Kick-Ass 3 – Mark Millar & John Romita Jnr. (Titan Books)
About seven or eight years ago (please don’t ask me to be any more specific than that, I’m getting old and my memory isn’t what it used to be) I interviewed Mark Millar and as well as talking passionately about both ‘Civil War’ and ‘The Ultimates’, he also mentioned a creator owned book that he was working on with John Romita Jnr. called ‘Kick-Ass’. The more he talked about it, the more excited he became and his enthusiasm for it was infectious, so much so, that by the time the interview had finished, I couldn’t wait to read it. And now, after huge acclaim, twenty eight issues and two (so far) films, the story of ‘Kick-Ass’ has finally reached its, inevitable and irrefutable conclusion. It’s a sad day, but as Mindy and Dave face the final curtain, the one made famous by Frank and Sid, there’s no time for tears as our heroes barrel toward the bone snapping, blood soaked, bullet riddled finale at break neck speed, flipping the bird to, and mooning, mainstream comic ideology, crossing the finishing line backwards and on fire, all guns blazing and high fiving Lucifer. ‘Kick-Ass 3’, just in case you haven’t already guessed, ensures that Dave, Mindy, Chris and all of the other players go out exactly as they should. Not with a whimper, not with a bang, but in a bloody great adrenaline fuelled explosion that leaves it audience battered, bruised and begging for more. But as there’s not going to be any more (although you should never say never Mr Millar), you, me and everyone else, we’re all just going to have to make do with what’s on offer. So, are we sitting comfortably? We are? Good, then I’ll begin…
With Hit-Girl (Mindy) languishing in – or rather running – the penitentiary, it’s up to Kick-Ass (Dave) and Justice Forever to break her out and let her return to doing what she does best, punishing the guilty and taking the law to the lawless of New York. As with everything else in the world of Kick-Ass though, things don’t exactly go to plan and Hit Girl remains locked up just as life in New York takes a turn for the worse when Chris Genovese, with a little help from his uncle Rocco (the new head of the family and a man with a plan for the future of crime) miraculously gets out of jail. With the proposed unification of organised crime on the East Coast of America and crooked cops making life impossible and death easy for costumed vigilantes, dark days appear to fill the horizon. New York, now more than ever needs a hero to help clean it up. All this, and it all happens just as Dave gets a girlfriend and his life starts looking up, which is pretty much par for the course, and so with Hit Girl at his side again (Oh, and that’s not a spoiler, because you know, of course she gets out, d’uh!) Kick-Ass begins his suicidal war on crime. And like all wars, this one doesn’t end well and not everyone makes it out, or home, alive. After all, happy endings are for bedtime stories, and Kick-Ass 3 may be a lot of things, but it isn’t a bedtime story. A gloriously, pitch black, satirical, over-the-top dissection of super-hero mythology, an examination of humanities desire to hope and need to dream in an increasingly cold and joyless world and an exploration of the role of the underdog in society and the way we, as individuals, would like others to see us and the way we see, and would like to see ourselves it may be, but it definitely isn’t a bedtime story. Unless you want to wake up in the idle of the night, covered in a cold sweat, haunted by crimson soaked visions of violence on a scale previously undreamt of. Which, you know, if it’s your thing, is kind of cool. Demented, twisted and a little sick, but kind of cool nonetheless.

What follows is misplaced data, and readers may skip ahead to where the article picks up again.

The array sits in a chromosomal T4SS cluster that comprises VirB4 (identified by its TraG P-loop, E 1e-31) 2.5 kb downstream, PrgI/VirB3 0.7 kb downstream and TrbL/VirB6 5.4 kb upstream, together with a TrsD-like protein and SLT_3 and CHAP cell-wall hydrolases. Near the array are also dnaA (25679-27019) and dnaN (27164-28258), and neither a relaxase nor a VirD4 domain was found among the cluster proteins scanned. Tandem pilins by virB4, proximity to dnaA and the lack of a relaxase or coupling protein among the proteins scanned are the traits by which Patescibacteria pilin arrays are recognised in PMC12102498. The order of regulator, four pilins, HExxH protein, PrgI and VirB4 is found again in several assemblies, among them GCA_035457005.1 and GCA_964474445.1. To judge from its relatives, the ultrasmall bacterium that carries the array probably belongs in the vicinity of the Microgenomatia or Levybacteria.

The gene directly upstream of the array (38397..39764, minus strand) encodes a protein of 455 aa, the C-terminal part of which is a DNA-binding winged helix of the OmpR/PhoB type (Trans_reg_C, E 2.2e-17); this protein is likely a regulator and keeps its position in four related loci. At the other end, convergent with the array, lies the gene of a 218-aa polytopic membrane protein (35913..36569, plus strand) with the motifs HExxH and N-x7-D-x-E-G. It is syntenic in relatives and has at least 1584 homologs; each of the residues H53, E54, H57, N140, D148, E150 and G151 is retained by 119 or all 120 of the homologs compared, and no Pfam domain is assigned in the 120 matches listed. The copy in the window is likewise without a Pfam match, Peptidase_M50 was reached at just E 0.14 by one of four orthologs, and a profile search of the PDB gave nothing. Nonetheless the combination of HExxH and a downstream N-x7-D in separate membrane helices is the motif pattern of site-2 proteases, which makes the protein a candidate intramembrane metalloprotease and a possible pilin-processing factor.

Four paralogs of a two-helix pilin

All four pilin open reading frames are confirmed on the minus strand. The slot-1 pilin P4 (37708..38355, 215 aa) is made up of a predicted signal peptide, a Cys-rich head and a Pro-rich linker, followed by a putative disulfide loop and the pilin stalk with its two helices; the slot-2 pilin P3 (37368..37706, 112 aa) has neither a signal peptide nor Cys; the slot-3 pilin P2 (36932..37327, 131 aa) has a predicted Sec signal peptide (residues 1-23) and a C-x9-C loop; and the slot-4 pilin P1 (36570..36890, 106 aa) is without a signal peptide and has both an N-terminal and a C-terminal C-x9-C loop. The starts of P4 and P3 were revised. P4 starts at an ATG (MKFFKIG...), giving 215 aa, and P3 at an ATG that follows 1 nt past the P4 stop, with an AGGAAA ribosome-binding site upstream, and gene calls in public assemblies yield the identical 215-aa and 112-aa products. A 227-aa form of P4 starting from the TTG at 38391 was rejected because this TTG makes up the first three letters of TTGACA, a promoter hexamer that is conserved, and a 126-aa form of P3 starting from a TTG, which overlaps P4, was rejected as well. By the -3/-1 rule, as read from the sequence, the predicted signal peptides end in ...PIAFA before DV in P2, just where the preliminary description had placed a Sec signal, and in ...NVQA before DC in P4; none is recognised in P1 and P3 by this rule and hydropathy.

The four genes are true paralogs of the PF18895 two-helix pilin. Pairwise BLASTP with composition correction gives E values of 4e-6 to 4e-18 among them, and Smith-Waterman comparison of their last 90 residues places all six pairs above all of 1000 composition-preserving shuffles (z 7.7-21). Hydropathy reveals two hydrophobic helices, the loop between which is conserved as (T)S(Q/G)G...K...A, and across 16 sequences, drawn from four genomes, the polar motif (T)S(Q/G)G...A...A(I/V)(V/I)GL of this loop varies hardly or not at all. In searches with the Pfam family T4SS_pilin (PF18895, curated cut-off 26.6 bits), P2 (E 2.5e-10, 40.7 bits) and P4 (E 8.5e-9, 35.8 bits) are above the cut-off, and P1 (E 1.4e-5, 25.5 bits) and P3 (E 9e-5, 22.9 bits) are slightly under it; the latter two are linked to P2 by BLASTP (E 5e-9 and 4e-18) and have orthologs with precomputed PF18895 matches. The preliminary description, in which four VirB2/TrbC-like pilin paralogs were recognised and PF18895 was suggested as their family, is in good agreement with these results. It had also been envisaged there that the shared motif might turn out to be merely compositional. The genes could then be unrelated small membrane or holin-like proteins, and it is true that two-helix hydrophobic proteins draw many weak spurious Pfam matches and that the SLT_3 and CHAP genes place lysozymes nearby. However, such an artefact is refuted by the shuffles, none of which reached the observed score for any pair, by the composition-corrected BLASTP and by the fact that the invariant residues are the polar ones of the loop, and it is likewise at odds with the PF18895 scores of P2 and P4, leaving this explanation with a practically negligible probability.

That said, ‘Kick-Ass 3’ is a darkly humorous, street level superhero adventure, filled with characters you actually care about, dialogue and in jokes that make you smile to yourself one minute and laugh out loud the next. It’s an engrossing, page turning story that’s been written and illustrated with passion, precision, flair and imagination by Messer’s Millar and Romita Jnr., and as last hurrah’s go, you’re unlikely to ever stumble across one half as good as this. Thank-you Mark and thank-you John. So long Dave, we’re going to miss you… Tim Mass Movement